– Thom A
    May 11 at 11:57
  • @Larnu I wasn't aware of STRING_SPLIT. This function was created a long time ago, and we have just be reusing it. As for indexes, that is the only one on the table.
    – FlyFish
    May 11 at 12:06

1 Answer 1


You should use table-valued parameters instead of string-splitting.

First declare a table type, note that it should have a primary key. I usually keep a few standard one-column ones.

CREATE TYPE dbo.StringList (value varchar(100) PRIMARY KEY);

Then the subqueries get transfomred into (select value FROM @product) etc. You should also use more obvious table aliases, and use the correct alias on the first line.

Ensure the column in your table type matches the column name that you are querying, and that includes varchar lengths.

update d1
set Open = d.Open_Sum
from @Data1 d1
cross apply (
  Select Count(*) as Open_Sum
  from Data d
  where (d.Sunday > d1.Week or d.Sunday is Null)
  and d.Project = d1.Project
  and d.Item = d1.Item
  and d.IPT = d1.IPT
  and d.Product = d1.Product
  and d.Center = d1.Center
  and d.Name = d1.Name
  and d.Project  in (select value FROM @Project )
  and d.Product in (select value FROM @Product)
  and d.Item in (select value FROM @Item )
  and d.Area in (select value FROM @Area )
  and d.IPT in  (select value FROM @IPT )
  and d.Name in  (select value FROM @Name )
  and d.Center in  (select value FROM @Center )
  and d.Effectivity in (select value FROM @Effectivity)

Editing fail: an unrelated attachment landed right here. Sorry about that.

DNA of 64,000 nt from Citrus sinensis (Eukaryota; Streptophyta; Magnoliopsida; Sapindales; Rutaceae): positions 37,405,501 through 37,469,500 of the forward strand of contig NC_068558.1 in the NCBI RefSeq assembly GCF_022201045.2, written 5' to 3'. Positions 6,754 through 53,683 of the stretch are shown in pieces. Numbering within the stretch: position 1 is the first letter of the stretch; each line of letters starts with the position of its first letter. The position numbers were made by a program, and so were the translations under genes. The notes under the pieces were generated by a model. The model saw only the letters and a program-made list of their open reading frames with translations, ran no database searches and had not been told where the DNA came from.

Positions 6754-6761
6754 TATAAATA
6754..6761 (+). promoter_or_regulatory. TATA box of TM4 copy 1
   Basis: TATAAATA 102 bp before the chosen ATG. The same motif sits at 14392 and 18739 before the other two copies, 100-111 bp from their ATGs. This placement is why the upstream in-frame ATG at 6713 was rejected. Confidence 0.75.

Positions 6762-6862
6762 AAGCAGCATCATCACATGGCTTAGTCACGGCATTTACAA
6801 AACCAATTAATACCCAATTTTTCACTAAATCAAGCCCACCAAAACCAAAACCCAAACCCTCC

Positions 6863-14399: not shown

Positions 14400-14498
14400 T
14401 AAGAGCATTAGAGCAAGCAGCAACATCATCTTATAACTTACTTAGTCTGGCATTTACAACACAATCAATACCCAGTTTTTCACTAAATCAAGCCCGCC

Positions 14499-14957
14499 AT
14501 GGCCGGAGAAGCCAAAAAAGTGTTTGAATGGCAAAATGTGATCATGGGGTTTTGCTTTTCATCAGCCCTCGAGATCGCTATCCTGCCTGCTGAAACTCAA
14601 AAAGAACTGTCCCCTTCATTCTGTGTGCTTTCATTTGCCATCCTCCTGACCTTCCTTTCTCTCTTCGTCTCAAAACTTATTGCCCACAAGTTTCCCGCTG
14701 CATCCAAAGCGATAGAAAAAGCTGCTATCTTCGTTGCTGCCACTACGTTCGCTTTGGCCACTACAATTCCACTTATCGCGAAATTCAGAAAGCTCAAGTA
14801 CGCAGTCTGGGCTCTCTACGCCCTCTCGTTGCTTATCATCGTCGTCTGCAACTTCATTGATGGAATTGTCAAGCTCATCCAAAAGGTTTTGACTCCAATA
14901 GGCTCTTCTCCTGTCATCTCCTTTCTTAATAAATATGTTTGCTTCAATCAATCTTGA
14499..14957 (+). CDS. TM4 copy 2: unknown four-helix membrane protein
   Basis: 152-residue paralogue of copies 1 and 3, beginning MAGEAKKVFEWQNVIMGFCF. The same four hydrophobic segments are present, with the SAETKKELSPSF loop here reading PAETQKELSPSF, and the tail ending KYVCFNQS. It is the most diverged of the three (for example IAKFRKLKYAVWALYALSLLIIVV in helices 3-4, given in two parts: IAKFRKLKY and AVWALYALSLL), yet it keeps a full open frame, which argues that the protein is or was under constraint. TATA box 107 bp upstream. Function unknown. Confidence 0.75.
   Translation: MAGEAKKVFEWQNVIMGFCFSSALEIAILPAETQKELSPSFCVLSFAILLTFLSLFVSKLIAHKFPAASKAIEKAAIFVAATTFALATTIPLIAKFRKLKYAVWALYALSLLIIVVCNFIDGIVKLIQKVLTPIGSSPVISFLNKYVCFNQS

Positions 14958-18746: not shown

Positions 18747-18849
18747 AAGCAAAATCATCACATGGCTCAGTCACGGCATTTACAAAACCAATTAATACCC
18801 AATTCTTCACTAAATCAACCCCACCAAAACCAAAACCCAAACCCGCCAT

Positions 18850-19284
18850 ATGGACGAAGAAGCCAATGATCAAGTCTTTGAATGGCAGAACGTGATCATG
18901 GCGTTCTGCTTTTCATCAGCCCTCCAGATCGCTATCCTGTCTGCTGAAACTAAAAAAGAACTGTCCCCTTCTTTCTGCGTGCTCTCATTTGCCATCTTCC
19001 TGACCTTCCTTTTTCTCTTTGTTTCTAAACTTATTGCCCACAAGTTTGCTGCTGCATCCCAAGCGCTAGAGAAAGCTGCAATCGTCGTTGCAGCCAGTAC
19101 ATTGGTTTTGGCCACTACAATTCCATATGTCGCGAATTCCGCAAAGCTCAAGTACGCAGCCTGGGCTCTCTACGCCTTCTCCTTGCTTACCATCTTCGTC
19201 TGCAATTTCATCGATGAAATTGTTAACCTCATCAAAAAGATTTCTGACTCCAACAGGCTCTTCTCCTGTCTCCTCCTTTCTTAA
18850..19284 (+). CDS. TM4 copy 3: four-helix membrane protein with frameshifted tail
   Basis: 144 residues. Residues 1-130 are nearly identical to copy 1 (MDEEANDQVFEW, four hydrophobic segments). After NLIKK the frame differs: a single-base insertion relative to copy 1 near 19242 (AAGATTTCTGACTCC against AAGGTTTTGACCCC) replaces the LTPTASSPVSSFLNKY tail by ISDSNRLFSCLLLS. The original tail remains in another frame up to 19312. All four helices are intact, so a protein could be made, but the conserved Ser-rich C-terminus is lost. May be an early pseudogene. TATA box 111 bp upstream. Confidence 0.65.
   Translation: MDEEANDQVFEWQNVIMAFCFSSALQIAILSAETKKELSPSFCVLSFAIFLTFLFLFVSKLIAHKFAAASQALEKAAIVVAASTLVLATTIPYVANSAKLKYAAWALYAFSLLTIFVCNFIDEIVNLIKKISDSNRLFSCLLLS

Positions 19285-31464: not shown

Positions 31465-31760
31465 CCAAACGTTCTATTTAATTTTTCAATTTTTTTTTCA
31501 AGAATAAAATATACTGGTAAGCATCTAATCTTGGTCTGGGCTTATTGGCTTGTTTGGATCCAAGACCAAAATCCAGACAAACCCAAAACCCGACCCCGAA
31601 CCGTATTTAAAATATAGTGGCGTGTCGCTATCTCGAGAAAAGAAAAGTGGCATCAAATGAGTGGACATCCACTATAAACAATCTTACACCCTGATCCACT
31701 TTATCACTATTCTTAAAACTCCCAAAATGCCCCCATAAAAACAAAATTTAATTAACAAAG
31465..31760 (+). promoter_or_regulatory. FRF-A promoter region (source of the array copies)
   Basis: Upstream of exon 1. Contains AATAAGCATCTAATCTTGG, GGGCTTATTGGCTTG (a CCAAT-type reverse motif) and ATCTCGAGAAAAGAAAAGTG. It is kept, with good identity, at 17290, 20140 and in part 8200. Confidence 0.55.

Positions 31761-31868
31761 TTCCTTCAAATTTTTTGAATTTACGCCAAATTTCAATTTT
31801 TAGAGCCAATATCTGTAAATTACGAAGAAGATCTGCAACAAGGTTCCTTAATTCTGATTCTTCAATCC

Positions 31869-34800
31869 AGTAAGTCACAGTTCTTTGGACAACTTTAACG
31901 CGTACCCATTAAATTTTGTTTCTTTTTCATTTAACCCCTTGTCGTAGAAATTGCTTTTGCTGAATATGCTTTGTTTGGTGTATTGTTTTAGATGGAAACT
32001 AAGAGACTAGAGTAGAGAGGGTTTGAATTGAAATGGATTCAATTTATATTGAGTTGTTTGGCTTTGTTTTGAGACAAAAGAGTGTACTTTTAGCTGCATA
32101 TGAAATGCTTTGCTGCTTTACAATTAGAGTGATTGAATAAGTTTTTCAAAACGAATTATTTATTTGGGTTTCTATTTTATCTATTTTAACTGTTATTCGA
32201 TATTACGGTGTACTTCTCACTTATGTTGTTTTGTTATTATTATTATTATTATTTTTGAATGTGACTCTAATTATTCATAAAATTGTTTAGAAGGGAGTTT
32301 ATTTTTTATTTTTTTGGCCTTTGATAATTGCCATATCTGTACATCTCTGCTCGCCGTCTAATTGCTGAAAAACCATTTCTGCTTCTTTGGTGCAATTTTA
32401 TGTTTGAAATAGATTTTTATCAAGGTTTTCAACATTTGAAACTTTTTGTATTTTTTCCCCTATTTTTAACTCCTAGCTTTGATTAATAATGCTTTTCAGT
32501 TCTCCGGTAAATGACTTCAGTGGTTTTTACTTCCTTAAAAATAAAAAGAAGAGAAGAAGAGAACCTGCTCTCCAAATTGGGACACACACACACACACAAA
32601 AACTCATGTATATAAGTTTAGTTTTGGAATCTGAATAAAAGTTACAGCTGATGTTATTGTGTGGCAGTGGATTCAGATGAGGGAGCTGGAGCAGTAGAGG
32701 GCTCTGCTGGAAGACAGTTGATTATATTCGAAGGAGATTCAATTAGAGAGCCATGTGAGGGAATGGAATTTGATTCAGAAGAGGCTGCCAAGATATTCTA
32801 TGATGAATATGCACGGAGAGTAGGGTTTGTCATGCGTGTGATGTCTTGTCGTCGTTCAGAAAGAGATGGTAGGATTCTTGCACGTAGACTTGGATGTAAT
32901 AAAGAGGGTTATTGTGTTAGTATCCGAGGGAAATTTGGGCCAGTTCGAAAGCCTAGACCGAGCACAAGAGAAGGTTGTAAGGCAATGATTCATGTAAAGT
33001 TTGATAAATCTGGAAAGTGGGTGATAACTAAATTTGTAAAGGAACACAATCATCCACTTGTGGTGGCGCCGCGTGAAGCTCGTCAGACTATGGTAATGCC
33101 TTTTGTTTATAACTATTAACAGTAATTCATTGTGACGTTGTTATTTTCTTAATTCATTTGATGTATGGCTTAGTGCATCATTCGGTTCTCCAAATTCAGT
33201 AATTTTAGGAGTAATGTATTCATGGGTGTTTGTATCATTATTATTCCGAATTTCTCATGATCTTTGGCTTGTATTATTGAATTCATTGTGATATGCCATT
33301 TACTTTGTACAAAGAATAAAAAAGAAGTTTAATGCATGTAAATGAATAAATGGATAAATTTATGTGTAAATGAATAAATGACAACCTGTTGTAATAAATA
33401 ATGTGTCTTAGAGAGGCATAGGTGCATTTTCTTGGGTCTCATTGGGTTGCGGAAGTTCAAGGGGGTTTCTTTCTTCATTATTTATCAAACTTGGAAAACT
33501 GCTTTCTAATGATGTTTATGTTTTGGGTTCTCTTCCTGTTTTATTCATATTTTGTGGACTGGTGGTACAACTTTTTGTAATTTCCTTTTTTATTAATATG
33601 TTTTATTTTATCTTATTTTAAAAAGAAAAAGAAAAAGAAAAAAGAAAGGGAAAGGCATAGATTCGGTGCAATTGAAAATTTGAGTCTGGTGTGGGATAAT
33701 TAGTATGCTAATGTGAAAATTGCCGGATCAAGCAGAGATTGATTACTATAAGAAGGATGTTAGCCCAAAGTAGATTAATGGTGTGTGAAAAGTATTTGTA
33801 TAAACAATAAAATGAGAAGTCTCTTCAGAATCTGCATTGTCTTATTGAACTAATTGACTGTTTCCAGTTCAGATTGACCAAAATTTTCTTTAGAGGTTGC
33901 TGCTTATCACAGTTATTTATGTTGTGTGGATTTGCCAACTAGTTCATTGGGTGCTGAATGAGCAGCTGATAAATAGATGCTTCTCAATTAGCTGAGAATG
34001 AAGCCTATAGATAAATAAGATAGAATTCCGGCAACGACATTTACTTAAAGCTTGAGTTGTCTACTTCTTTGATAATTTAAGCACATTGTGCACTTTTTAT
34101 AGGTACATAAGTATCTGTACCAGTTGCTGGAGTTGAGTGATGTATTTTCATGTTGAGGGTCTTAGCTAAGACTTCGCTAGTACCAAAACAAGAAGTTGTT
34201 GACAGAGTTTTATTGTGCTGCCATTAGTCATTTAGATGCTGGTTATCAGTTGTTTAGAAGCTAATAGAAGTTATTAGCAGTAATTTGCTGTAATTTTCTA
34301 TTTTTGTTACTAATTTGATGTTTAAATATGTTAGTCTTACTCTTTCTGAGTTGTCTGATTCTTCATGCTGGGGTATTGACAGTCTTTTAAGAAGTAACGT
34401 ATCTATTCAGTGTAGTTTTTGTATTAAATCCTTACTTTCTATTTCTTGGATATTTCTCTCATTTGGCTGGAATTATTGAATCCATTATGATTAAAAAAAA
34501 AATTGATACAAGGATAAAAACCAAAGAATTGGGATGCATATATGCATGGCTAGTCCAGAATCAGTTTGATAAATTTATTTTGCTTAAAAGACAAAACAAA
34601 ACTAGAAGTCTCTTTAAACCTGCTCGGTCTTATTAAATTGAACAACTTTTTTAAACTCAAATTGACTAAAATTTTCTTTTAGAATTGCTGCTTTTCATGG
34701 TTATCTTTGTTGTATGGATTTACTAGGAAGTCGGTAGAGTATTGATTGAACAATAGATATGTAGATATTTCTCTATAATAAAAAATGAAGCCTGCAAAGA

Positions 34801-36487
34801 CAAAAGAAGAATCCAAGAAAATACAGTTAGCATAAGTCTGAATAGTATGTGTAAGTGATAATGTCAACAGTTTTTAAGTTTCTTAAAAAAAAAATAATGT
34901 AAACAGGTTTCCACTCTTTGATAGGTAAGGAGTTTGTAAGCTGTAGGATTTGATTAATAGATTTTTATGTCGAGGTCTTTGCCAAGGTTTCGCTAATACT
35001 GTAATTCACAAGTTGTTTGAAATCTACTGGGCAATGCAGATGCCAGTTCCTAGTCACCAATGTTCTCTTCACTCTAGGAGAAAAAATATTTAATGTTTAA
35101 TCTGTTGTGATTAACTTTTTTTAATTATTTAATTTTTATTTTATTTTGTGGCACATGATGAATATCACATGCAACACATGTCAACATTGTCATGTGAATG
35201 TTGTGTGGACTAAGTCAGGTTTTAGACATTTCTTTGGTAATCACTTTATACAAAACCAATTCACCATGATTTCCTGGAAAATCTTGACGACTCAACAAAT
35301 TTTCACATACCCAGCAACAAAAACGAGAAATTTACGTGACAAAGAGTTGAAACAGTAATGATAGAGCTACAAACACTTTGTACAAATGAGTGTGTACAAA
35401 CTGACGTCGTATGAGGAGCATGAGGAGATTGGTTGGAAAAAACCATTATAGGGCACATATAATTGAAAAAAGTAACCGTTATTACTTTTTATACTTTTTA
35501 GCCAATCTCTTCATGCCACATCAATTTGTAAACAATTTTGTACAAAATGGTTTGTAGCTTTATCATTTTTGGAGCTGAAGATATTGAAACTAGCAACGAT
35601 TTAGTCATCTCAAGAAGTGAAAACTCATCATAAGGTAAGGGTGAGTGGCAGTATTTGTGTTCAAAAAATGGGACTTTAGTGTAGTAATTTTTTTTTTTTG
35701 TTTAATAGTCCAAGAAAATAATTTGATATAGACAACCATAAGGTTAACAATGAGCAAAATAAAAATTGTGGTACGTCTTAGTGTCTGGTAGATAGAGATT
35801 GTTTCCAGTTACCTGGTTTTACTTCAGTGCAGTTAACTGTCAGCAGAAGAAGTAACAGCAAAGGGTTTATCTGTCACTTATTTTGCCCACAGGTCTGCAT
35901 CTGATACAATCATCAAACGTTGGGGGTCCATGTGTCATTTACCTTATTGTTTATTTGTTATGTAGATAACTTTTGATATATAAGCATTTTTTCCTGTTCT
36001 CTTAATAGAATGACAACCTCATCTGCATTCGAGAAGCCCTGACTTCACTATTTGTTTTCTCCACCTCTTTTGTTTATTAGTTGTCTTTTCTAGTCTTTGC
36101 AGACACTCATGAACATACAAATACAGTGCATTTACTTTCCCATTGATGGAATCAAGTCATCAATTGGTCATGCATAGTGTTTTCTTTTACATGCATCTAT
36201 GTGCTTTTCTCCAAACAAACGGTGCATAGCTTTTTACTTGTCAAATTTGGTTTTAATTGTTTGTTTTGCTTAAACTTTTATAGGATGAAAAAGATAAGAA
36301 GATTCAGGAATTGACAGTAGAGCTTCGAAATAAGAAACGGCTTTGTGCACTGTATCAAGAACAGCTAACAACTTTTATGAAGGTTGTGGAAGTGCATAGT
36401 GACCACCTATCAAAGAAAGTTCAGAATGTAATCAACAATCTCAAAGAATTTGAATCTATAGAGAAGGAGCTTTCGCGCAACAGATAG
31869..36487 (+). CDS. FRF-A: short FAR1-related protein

and d.Planned in (select value FROM @Planned)
  and d.CURRENT = 'Y'
) as d

You are also going to want to sort out the indexing on both Data and @Data1 but it's hard to say what you need without a query plan.

If you still want string-splitting, then just create table variables from the table types, and insert using the STRING_SPLIT function.

  • I tried table variables and it increased processing time. I'm confused about using TVPs. Are these persistent in the database? Would I need one created for every input parameter? How would I populate them from the input parameters?
    – FlyFish
    May 11 at 15:40
  • You only need one table type for every possible data type, for example StringList and NStringList and IntList. You need to pass them through from your client application as table valued parameters May 11 at 15:41
  • If I understand you, I need to 1. Create the TVP's in the database. 2. Add a declaration of the TVP to the SP (ie. @projects StringList). 3.Pass a table to the StringList typed parameter (i.e. I'm using Angular so, projects: this.criteria.Project != '' ? this.criteria.Project : 'null',). Is this going to be any faster than using table variables populated from the Split_String?
    – FlyFish
    May 11 at 15:50
  • Yes you understand the steps correct (but the TVP is the parameter, whose type is a table type). Probably faster, but depends how good the Angular SQL Server driver is. Even if you use table variables, make sure they are indexed (you can just define them like this DECLARE @Project dbo.StringList;) May 11 at 15:55
  • Thanks. I saw your other comment above. I need to do some more testing.
    – FlyFish
    May 11 at 15:59